It’s hard to imagine the Colts being favorites in any game for the rest of the season. They proved on national television Saturday that no lead is enough to feel comfortable. They proved that even their defense can and will lay over in back-to-back games, cushioned with their Bye, for the whole world to see.
The offense is awful, and losing Jonathan Taylor for the rest of the season will do the unit no favors. There is no reason for any player to put his body on the line at this point, as players will now pivot to thinking about where they might play next year and if they will get a new contract. The NFL Network embarrassed itself Saturday, playing up a narrative that the game between the Vikings and Colts was pitting a team in the playoff hunt against a team that was trying to wrap up its Division and keep itself near the top in NFC seeding.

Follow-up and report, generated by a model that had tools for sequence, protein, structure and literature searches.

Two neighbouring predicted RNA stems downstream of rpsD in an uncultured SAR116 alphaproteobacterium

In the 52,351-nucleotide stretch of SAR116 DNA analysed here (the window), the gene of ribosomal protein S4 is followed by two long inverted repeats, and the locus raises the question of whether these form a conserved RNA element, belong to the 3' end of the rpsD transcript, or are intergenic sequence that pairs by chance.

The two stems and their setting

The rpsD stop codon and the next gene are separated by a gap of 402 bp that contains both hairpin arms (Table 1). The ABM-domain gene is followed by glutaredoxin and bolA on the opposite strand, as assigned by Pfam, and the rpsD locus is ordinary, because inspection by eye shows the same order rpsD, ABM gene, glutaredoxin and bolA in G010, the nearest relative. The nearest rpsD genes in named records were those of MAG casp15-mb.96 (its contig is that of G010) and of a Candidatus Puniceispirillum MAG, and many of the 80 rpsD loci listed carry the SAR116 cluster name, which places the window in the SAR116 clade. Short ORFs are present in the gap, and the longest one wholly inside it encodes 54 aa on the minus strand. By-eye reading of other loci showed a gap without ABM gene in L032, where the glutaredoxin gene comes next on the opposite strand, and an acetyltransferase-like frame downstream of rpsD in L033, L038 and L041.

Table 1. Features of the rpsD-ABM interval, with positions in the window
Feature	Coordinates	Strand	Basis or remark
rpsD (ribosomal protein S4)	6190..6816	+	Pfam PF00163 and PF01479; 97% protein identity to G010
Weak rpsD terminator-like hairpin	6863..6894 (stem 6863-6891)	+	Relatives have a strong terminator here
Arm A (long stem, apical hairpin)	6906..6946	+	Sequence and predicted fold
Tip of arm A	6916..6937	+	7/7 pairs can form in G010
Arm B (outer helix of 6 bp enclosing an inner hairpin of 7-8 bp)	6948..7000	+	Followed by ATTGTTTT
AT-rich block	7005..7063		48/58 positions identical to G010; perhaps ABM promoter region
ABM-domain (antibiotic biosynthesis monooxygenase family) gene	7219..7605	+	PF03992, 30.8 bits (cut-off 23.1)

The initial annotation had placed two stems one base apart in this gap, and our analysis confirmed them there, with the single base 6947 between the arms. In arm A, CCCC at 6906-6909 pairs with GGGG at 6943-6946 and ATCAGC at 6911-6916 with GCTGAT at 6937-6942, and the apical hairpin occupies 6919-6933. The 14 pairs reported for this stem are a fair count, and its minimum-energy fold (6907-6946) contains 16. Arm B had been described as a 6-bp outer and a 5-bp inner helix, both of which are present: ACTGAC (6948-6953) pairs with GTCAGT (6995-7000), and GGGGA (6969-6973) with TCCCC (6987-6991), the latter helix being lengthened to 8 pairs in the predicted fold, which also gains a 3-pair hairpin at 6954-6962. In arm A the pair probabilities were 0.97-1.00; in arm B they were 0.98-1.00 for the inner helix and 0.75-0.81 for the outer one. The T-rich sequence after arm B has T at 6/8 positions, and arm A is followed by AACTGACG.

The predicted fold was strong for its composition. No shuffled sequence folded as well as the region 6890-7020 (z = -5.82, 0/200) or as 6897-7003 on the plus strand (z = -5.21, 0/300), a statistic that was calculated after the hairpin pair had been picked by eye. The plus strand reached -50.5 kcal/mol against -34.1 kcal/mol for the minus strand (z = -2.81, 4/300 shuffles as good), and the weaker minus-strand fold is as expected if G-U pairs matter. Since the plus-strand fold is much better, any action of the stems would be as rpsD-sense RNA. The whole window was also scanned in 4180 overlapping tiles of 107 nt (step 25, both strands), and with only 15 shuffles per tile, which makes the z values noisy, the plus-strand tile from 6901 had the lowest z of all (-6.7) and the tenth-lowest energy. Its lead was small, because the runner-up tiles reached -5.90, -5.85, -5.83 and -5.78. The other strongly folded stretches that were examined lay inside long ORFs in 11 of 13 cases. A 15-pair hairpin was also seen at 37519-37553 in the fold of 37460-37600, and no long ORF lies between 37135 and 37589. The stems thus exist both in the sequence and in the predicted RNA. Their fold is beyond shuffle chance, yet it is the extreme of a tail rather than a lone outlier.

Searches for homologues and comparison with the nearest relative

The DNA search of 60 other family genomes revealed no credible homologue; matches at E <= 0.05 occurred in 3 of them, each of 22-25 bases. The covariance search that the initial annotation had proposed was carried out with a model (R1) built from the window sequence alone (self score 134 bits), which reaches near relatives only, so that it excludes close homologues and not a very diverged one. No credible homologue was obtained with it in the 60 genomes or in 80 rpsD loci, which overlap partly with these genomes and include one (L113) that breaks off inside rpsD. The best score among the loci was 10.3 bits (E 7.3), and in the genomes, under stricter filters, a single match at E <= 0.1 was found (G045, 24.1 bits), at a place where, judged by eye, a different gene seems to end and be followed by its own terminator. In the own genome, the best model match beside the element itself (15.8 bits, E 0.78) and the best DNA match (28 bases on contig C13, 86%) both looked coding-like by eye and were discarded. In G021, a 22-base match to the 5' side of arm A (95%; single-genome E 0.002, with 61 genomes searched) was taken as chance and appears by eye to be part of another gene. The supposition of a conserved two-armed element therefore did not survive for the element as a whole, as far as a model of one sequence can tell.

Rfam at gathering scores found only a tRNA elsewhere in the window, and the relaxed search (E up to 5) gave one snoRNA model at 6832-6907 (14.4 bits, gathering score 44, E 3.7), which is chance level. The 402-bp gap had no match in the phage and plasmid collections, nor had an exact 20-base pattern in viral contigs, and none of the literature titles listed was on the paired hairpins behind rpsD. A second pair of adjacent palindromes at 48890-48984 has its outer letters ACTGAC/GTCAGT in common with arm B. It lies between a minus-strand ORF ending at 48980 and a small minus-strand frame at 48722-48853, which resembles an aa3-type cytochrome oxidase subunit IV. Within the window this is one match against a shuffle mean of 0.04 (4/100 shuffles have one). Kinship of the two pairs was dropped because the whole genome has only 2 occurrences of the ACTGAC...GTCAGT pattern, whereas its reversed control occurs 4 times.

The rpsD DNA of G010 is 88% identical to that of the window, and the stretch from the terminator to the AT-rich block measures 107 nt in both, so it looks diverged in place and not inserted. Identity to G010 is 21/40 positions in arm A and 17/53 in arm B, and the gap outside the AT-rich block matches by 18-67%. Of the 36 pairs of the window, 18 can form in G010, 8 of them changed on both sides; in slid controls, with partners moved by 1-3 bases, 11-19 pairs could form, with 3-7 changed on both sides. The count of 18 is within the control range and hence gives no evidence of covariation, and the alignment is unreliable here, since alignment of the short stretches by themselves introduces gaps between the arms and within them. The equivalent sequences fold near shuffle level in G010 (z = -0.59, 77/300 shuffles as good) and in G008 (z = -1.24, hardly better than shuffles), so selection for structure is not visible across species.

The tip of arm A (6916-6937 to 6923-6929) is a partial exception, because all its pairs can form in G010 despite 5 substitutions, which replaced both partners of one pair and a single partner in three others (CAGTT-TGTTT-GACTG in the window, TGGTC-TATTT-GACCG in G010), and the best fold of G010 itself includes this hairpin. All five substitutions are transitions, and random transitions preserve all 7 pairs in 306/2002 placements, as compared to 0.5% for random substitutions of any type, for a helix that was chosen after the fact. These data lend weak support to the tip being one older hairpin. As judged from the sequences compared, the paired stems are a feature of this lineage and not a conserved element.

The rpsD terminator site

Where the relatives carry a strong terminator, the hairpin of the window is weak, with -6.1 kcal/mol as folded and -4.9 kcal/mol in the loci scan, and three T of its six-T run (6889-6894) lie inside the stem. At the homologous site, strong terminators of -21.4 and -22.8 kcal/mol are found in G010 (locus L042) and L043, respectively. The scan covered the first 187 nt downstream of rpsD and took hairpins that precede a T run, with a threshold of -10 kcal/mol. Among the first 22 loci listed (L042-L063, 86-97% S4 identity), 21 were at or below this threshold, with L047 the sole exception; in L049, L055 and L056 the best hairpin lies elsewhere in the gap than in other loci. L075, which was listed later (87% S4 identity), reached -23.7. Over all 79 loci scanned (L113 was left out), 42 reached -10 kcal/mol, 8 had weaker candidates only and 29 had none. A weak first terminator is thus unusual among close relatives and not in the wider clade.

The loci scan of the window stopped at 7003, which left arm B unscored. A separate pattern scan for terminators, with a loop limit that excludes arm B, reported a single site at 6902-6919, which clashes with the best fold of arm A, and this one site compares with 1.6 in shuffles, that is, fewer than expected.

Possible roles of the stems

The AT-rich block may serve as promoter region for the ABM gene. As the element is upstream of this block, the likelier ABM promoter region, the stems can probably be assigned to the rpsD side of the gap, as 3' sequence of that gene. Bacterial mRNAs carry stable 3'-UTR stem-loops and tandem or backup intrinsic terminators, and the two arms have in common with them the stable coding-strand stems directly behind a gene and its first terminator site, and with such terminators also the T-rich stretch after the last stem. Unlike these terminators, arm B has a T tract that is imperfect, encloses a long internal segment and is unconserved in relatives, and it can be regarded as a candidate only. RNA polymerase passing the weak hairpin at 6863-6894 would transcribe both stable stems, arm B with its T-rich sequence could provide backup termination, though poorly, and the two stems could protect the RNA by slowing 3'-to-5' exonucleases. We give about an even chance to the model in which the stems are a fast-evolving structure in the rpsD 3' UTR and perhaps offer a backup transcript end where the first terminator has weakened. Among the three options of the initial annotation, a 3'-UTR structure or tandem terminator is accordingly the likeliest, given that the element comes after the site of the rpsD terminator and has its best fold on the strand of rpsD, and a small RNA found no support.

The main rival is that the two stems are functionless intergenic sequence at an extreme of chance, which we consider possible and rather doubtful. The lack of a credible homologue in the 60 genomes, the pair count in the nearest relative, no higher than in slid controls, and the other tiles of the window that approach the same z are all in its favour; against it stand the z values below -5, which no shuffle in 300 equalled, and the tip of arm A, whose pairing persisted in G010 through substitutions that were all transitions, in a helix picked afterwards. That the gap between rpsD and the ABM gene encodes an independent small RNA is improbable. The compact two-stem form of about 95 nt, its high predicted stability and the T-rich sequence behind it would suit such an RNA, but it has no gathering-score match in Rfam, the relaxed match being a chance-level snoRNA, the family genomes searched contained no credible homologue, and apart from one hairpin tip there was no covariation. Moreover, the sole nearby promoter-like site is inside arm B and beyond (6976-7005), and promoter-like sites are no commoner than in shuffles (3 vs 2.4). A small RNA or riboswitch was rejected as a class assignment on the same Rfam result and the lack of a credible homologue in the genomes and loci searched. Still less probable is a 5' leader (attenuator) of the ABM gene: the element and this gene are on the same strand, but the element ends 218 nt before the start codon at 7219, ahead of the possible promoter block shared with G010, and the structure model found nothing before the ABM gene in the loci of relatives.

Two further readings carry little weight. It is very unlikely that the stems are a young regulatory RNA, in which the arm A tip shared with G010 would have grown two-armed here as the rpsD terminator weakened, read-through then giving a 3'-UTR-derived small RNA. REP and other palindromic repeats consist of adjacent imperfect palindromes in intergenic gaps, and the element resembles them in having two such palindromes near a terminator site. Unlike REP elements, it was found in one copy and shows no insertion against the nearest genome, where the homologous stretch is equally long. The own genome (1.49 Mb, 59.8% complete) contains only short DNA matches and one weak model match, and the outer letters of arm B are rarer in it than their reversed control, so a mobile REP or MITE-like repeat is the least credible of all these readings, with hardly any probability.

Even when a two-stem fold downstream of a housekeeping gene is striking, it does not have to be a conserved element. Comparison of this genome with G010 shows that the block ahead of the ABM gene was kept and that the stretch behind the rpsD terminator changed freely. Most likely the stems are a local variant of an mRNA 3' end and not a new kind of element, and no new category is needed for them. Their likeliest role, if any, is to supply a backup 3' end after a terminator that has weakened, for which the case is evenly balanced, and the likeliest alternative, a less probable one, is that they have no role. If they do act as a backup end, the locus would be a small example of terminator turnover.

The reality for anyone following the NFL is that the Colts haven’t been serious playoff contenders for weeks. A variety of major team events pointed to this obvious fact, but maybe someone watching television watching the game for the first time was convinced that the Colts were a legitimate threat to make the playoffs. And maybe, because of that, they tuned into the game longer than they might have.
Ultimately, the team is showing no pride. The coaching staff cannot prepare them for the games or keep them in ones after kickoff. The players, even the really good ones, aren’t enough to overcome weaknesses, injuries, or poor communication. The offense is dead. The offensive line is still terrible. In big moments, Matt Ryan appears incapable of feeling his way around a pocket. Now Jonathan Taylor is done.
So yeah, the Colts aren’t favorites. They shouldn’t be. The most entertaining pre-game bet might be whether the broadcast lists the Colts in the playoff hunt. Or perhaps it makes more sense to show where they could fall in the 2023 Draft - that is a more relevant discussion.